Sometimes heaven meets earth in a hamburger: more from “Come and See”

1912247_1411738945750387_543255069_nIs there a Christian way to make and sell hamburgers?

Meet Hans Hess, founder/owner of Elevation Burger. The “Come and See” conference of this past week became a “taste and see” event when we headed for Hans’s burger joint down the street from The Falls Church Anglican Church’s original site, on S. Washington St. in Falls Church, VA.

Before our meal (which was delicious and did not leave me, as have so many other “fast food” experiences, feeling like I’d ingested a large anvil), as we sat together at Little Falls Presbyterian Church in Arlington, Hans shared his journey.

A Carmel, California native who followed up an undergraduate physics degree with a stint at Dallas Theological Seminary, Hans was sure in those days that he was marked out for the missionary life – specifically, in the former USSR. When that didn’t work out, a friend encouraged him to try working on Capitol Hill, and he’s lived and worked in the Washington area ever since.

Along the way, Hans and his wife April began musing about making a better hamburger – and a two-year conversation resulted in . . . well, I’ll try to tell the story in pretty much the words Hans used:

“It became very very clear to me that I should not be a missionary. I had to grapple with that theologically: ‘Am I letting God down – not doing the right thing?’ But I was directed in a crystal clear way – and then I didn’t struggle more.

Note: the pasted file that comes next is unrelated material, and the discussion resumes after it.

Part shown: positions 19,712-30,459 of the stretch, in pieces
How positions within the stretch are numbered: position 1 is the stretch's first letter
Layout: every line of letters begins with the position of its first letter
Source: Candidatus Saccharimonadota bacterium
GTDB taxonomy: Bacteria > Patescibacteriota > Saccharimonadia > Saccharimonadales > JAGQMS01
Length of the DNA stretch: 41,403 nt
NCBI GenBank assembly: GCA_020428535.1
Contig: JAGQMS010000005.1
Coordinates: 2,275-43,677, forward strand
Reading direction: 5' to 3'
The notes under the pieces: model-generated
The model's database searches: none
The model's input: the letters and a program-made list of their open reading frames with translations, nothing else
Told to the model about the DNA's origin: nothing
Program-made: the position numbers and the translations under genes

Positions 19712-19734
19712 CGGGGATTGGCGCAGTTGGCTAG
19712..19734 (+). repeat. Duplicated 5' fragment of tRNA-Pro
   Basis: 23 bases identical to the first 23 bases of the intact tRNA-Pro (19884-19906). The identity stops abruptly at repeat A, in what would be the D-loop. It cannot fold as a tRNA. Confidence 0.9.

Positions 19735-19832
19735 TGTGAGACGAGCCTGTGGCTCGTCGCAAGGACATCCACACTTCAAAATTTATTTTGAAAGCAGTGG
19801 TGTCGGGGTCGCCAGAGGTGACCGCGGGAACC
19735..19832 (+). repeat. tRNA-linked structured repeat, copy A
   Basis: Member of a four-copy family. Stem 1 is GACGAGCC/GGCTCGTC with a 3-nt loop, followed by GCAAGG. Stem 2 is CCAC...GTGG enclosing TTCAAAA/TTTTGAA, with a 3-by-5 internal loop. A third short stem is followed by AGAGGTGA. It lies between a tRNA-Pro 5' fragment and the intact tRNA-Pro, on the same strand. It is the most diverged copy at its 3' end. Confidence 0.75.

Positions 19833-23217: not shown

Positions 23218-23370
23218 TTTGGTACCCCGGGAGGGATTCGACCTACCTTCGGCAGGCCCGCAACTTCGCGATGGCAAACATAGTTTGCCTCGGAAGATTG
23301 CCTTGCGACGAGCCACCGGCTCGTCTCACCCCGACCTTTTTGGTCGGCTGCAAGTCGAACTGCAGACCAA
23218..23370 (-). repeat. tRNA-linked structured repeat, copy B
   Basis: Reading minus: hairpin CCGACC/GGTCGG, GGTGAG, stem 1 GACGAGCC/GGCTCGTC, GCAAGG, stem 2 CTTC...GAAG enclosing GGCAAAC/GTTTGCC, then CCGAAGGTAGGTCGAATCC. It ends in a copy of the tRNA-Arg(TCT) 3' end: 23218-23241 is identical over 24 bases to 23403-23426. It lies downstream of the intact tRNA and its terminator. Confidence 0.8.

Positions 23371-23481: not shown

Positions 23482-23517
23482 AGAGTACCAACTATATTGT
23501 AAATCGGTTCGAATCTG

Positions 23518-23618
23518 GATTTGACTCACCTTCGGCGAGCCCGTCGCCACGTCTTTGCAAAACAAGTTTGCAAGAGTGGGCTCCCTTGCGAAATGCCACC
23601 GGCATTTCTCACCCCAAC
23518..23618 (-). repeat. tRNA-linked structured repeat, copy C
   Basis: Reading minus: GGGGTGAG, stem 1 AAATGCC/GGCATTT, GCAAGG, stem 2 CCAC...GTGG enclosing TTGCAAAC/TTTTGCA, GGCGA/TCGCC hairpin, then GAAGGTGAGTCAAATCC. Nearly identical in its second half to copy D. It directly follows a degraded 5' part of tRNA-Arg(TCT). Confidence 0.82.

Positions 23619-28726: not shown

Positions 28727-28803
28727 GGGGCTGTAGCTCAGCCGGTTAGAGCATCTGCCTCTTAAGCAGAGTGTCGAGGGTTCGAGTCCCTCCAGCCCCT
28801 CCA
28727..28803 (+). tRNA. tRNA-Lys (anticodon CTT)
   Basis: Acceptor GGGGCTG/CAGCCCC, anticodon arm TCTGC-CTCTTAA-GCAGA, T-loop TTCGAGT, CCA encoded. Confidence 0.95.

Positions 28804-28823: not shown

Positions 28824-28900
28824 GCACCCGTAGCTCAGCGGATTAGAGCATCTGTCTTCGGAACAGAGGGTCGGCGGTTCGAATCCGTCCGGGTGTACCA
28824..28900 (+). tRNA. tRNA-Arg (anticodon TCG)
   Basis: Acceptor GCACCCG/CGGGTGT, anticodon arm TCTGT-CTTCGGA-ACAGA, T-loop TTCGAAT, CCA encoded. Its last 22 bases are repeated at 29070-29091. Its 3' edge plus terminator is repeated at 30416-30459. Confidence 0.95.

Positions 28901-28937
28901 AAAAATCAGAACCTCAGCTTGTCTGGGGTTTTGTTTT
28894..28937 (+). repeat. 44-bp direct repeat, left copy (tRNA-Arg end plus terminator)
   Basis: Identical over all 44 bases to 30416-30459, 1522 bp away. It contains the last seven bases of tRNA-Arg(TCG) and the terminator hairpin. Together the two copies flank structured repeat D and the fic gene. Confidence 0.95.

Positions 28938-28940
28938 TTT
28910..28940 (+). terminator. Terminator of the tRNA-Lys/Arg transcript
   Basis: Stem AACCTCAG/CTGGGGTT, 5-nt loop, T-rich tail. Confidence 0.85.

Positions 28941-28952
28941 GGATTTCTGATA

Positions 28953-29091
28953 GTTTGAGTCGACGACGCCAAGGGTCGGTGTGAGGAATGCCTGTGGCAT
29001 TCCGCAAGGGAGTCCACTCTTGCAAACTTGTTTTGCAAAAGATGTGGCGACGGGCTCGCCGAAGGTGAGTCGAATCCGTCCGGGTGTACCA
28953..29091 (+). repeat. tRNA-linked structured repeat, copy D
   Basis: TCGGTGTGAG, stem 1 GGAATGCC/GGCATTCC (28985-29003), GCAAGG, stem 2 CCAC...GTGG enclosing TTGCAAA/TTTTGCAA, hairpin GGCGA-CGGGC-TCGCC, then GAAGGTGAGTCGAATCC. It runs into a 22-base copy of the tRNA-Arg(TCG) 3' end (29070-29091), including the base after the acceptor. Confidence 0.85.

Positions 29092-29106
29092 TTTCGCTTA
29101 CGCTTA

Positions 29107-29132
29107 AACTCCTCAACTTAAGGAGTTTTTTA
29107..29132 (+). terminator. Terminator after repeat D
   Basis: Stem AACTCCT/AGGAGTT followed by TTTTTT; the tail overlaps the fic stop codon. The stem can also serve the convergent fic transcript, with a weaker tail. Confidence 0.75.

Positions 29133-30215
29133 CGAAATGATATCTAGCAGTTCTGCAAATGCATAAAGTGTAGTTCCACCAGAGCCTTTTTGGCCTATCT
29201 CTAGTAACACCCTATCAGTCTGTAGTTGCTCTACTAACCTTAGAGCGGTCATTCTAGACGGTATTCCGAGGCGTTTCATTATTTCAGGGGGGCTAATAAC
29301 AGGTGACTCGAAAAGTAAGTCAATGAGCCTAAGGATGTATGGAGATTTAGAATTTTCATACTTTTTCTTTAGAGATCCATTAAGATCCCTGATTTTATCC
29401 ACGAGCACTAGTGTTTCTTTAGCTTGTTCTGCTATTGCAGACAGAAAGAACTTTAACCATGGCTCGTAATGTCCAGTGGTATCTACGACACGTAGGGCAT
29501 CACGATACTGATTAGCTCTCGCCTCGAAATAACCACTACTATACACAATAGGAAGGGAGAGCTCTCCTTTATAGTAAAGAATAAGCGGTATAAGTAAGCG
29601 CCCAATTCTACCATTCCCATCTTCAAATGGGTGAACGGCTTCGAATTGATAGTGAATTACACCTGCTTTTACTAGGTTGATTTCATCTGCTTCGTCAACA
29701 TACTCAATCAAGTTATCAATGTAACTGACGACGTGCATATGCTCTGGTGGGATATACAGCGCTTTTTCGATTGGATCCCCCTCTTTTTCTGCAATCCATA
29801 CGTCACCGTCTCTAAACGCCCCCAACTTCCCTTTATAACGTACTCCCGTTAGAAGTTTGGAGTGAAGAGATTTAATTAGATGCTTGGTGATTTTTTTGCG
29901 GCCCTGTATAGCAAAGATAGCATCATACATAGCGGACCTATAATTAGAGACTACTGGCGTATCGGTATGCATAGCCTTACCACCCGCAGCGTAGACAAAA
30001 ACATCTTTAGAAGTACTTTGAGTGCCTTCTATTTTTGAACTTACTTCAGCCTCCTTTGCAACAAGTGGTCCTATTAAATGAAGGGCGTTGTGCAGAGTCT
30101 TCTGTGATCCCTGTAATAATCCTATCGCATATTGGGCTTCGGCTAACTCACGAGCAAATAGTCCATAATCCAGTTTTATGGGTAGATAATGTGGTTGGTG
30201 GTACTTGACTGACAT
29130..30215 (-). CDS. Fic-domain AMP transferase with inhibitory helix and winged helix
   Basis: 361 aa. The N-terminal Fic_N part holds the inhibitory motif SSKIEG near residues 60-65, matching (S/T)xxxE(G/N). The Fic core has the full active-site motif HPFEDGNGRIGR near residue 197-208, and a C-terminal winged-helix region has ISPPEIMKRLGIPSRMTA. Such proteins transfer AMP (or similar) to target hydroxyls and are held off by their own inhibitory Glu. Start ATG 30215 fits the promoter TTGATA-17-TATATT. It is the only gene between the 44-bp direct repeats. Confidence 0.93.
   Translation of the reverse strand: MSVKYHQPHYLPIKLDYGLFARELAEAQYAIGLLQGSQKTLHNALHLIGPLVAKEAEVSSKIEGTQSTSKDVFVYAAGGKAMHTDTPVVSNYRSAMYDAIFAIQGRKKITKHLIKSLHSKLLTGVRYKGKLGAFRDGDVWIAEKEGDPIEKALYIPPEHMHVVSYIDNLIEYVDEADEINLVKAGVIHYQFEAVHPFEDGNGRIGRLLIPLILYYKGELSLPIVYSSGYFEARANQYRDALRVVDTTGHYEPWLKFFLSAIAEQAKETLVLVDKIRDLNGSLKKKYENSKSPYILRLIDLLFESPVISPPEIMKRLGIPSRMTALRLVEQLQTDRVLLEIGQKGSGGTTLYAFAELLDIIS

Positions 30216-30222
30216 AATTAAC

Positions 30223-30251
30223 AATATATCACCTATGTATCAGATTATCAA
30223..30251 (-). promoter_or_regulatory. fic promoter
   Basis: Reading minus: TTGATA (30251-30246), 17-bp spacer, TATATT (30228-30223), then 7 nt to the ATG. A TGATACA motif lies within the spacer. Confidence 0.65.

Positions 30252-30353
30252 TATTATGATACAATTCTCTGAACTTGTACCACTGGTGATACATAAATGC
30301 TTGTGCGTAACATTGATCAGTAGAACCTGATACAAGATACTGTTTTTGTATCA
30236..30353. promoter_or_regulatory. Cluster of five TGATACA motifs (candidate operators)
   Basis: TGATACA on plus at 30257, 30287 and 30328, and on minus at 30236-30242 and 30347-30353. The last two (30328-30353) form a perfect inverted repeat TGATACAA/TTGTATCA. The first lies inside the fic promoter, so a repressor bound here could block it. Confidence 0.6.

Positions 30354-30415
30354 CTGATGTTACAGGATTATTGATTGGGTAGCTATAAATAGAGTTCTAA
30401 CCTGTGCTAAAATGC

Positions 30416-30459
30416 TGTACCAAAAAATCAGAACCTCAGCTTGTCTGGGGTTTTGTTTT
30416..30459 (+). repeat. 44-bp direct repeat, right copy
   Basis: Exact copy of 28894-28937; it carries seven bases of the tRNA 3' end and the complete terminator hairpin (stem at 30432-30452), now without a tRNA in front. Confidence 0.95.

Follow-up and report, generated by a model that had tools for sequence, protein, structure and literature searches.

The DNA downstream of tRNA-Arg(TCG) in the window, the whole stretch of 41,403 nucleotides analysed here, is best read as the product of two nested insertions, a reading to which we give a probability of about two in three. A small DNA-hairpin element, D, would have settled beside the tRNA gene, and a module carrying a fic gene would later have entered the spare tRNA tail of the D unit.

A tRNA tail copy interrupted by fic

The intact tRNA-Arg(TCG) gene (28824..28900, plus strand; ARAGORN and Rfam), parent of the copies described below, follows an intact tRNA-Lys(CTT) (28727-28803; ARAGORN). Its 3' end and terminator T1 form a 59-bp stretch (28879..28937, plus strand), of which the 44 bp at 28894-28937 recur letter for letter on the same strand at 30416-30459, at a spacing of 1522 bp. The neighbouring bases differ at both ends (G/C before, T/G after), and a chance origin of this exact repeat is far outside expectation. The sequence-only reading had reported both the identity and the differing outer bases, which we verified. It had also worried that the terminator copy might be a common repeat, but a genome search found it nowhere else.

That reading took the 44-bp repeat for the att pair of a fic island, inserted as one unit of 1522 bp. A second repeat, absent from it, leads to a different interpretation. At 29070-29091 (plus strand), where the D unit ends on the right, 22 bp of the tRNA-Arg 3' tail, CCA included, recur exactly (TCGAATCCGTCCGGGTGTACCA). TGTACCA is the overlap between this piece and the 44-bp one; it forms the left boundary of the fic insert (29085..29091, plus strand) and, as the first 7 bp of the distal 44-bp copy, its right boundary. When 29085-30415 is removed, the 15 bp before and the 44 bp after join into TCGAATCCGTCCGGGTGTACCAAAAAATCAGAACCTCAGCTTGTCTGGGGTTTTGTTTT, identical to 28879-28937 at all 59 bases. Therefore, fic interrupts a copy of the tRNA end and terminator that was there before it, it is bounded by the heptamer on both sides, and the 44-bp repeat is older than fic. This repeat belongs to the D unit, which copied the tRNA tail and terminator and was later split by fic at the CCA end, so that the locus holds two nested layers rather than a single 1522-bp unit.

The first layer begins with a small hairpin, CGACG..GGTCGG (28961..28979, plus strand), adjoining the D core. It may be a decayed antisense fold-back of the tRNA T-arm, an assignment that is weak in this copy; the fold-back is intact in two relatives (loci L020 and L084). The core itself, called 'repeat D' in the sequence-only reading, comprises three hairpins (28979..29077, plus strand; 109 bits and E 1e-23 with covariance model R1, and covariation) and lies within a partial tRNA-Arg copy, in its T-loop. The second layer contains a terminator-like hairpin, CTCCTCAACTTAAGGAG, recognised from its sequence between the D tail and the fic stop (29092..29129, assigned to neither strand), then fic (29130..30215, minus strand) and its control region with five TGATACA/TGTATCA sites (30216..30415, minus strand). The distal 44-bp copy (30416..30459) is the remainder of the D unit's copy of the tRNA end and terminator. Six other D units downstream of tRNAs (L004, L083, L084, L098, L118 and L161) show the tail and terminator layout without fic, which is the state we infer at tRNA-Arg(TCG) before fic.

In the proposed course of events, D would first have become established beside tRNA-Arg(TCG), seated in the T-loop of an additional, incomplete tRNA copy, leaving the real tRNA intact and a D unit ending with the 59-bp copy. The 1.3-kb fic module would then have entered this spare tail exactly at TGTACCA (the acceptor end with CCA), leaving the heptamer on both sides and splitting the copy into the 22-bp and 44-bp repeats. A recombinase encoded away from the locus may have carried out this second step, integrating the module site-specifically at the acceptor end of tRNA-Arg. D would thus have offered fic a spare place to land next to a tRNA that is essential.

“My watershed moment was triggered by a book. My father gave me Gene Veith’s The Spirituality of the Cross (1999), which lays out Luther’s understanding of vocation. Luther taught that your first identity and vocation is as a believer first, but that it doesn’t stop there. What follows from his understanding of ‘the priesthood of all believers’ is thatwhatever you’re doing is for the glory of God, is meaningful to God. I had my whole view of things reset by that book. [Ed.: Veith later wrote a whole book on Luther’s view of vocation, God at Work, 2011.]

“So now I had all this theological training, along with various work experiences, and I spent 4-5 years trying to figure out what my for-God’s-glory work in the world might be—my ‘work as unto the Lord.’ What was something meaningful I could engage in?

“I asked myself ‘Since the Kingdom of God is at hand – is this or that idea more in line with that kingdom? Or is it more in line with the present kingdoms of the world?’

“In my first Washington job, I read a white paper on Capitol Hill. The year was 1999, and at that point there were 10,000 deaths each year directly attributable to bacteria that had become resistant to antibiotics. So the core of the idea for Elevation Burger became to make a burger that was sustainable, antibiotic free, and organic—this was a matter of stewardship, a righting of what was wrong. It had to do very directly with what I had learned at seminary. In coming to understand my calling, I was breaking out of the old view that you go to seminary justto be a minister or missionary.